This morning I released my fourth annual update of my airline loyalty program comparison tables. I try to keep them unbiased, but this post is all about opinion. If you’re aiming for elite status then which program — and which tier in that program — is right for you?
It’s difficult to say that one program is better than another overall. You might see in some of the examples below how one or two programs offer perks that blow the competition out of the water. However, many other factors are at play. You can’t really argue that someone who lives in Atlanta should be picking United as their preferred carrier.
Or can you?
There is some merit to picking the local heavyweight for convenient, direct service. Keep in mind that going with a weaker competitor (at least in that market) might mean lower fares and easier upgrades as they must fight harder to stay competitive.
I’ll stop there and get back to focusing on each airline individually. If you think I’ve erred, please feel free to share your perspective in the comments.
The Best Elite Tier with Alaska Airlines
MVP Gold is where it’s at. This middle tier can be earned by flying just 40,000 miles on Alaska Airlines and Horizon Air, or 50,000 miles if you also include Alaska’s partner carriers. Both tallies are tracked separately so you can qualify either way.
MVP Gold is a winner because of the four systemwide upgrades, a 100% bonus on award miles earned, and a generous change/cancellation policy that will let you rebook any flight at any time before departure without a fee. Even the top tiers of other programs don’t offer this last benefit.
What do you pass up by not going for Gold 75K status? There are some extra bonus miles, a free handheld video player, and the opportunity to gift MVP status to a friend. Upgrade priority is higher for Gold 75K, as is the bonus on award miles is also higher (at 125% it’s the highest in the industry).
Still, it can be so challenging to earn that you might find it’s not worth the mileage runs, and anecdotal reports suggest that any upgrades you were going to get you could get anyway with mere Gold status. Thus, only true frequent fliers are going to earn this tier because they already fly a lot. If you do, congrats!
The Best Elite Tier with American Airlines
Executive Platinum remains the best tier if you travel with American Airlines and credit to its AAdvantage program. Yes, there have been devaluations recently, including the loss of four systemwide upgrades. (You can earn these back if you earn an additional 100,000 EQM.) However, the opportunity to receive unlimited complimentary domestic upgrades and free access to first class lounges on international travel remains a big draw.
American doesn’t have a fourth tier at 75,000 miles, which makes it a big drop if you were to only qualify for its Platinum tier at 50,000 miles. At that point you would earn and redeem 500-mile upgrade coupons (and fewer of them beginning in 2016).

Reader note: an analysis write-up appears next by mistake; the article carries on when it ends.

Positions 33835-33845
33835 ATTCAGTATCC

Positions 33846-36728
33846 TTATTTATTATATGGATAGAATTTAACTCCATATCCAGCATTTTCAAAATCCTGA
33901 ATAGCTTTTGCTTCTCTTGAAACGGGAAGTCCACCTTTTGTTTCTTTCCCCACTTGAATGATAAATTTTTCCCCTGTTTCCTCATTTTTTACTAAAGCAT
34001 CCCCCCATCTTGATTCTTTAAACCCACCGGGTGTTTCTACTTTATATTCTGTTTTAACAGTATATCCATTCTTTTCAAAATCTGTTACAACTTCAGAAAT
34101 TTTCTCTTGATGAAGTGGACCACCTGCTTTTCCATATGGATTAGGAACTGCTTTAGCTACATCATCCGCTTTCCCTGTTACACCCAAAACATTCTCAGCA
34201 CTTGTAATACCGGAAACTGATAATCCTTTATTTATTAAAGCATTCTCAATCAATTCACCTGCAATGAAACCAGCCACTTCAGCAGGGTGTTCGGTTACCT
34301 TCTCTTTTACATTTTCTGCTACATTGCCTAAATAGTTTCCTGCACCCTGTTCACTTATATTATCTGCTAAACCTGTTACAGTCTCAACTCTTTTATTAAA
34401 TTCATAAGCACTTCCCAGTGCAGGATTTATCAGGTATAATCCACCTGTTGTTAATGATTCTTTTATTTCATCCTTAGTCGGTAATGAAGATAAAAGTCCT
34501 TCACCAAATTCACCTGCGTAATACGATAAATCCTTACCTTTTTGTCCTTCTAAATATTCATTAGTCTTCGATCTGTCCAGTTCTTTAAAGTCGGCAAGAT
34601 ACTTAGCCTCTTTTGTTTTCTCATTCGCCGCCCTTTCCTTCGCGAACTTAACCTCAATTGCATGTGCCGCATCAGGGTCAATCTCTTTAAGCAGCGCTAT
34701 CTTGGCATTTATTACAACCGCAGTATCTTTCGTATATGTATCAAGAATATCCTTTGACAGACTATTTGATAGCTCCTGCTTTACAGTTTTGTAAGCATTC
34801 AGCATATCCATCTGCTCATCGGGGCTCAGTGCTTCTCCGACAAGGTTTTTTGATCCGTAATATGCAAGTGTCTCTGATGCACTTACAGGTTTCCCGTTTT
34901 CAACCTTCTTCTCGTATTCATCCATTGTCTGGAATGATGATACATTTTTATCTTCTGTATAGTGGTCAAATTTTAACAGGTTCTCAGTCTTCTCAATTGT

You’ll also earn many fewer award miles as a Platinum member. The adoption of a revenue-base program doesn’t just make it harder to earn on long-haul flights. Among other changes, the relative bonus earned by each tier has shifted. Executive Platinum members now get 11 miles per dollar, reflecting a 120% bonus over general members, while Platinum members get just 8 miles per dollar for a 60% bonus. Previously both tiers earned 100% more than general members.
The Best Elite Tier with Delta Air Lines
Those who fly Delta could make roughly even arguments for either Platinum or Diamond Medallion status. I’m not a particular fan of the loyalty program in general — even as the airline continues to offer superior service — so take my comments with a grain of salt. However, here is my reasoning.
Many things don’t change between Platinum and Diamond tiers:
- The same fees are waived.
- The same free baggage benefit applies.
- The same Economy Comfort benefit applies (and it will be devalued for both tiers vs. 2015).
A few things do improve for the Diamond tier over Platinum:
- An additional 8 regional upgrades or 4 global upgrades (Platinum members already earn 4 regional upgrades).
- An increase in the number of award miles earned, from 9 per dollar (80% more than general members) to 11 per dollar (120% more than general members).
- An easy 25,000 bonus award miles for qualifying.
Given that you can obtain Medallion status more easily with some manufactured spend techniques — and you can waive the Medallion Qualifying Dollar requirement for every tier with credit card spend — I think that the extra perks could be worth putting your plastic to work. However, the Platinum tier is still fairly rewarding if that approach makes you uncomfortable and you simply don’t fly enough to earn it the normal way.
The Best Elite Tier with United Airlines
Premier Platinum status is my go-to at United Airlines because you can waive the Premier Qualifying Dollars requirement with $25,000 spend on a credit card and still get lots of fee waivers for award changes and cancellations. Given that United’s miles are the most valuable of the Big Three (Alaska’s are probably worth more) and easy to earn with various Chase credit cards, that’s an important consideration.
Platinum members only get a couple of regional upgrade certificates, though at least these are not restricted to certain fare classes. Premier 1K members may get more, but the systemwide upgrades have stiff fare restrictions that require you to pay $500 to $1,000 more than the cheapest coach fare and still gamble on the upgrade waitlist.
Other than this and a few other priorities (including a free alcoholic beverage in coach), I just don’t see much additional value in being 1K. I went so far as to ask United to downgrade my recent status match since the target for Platinum would be easier to hit.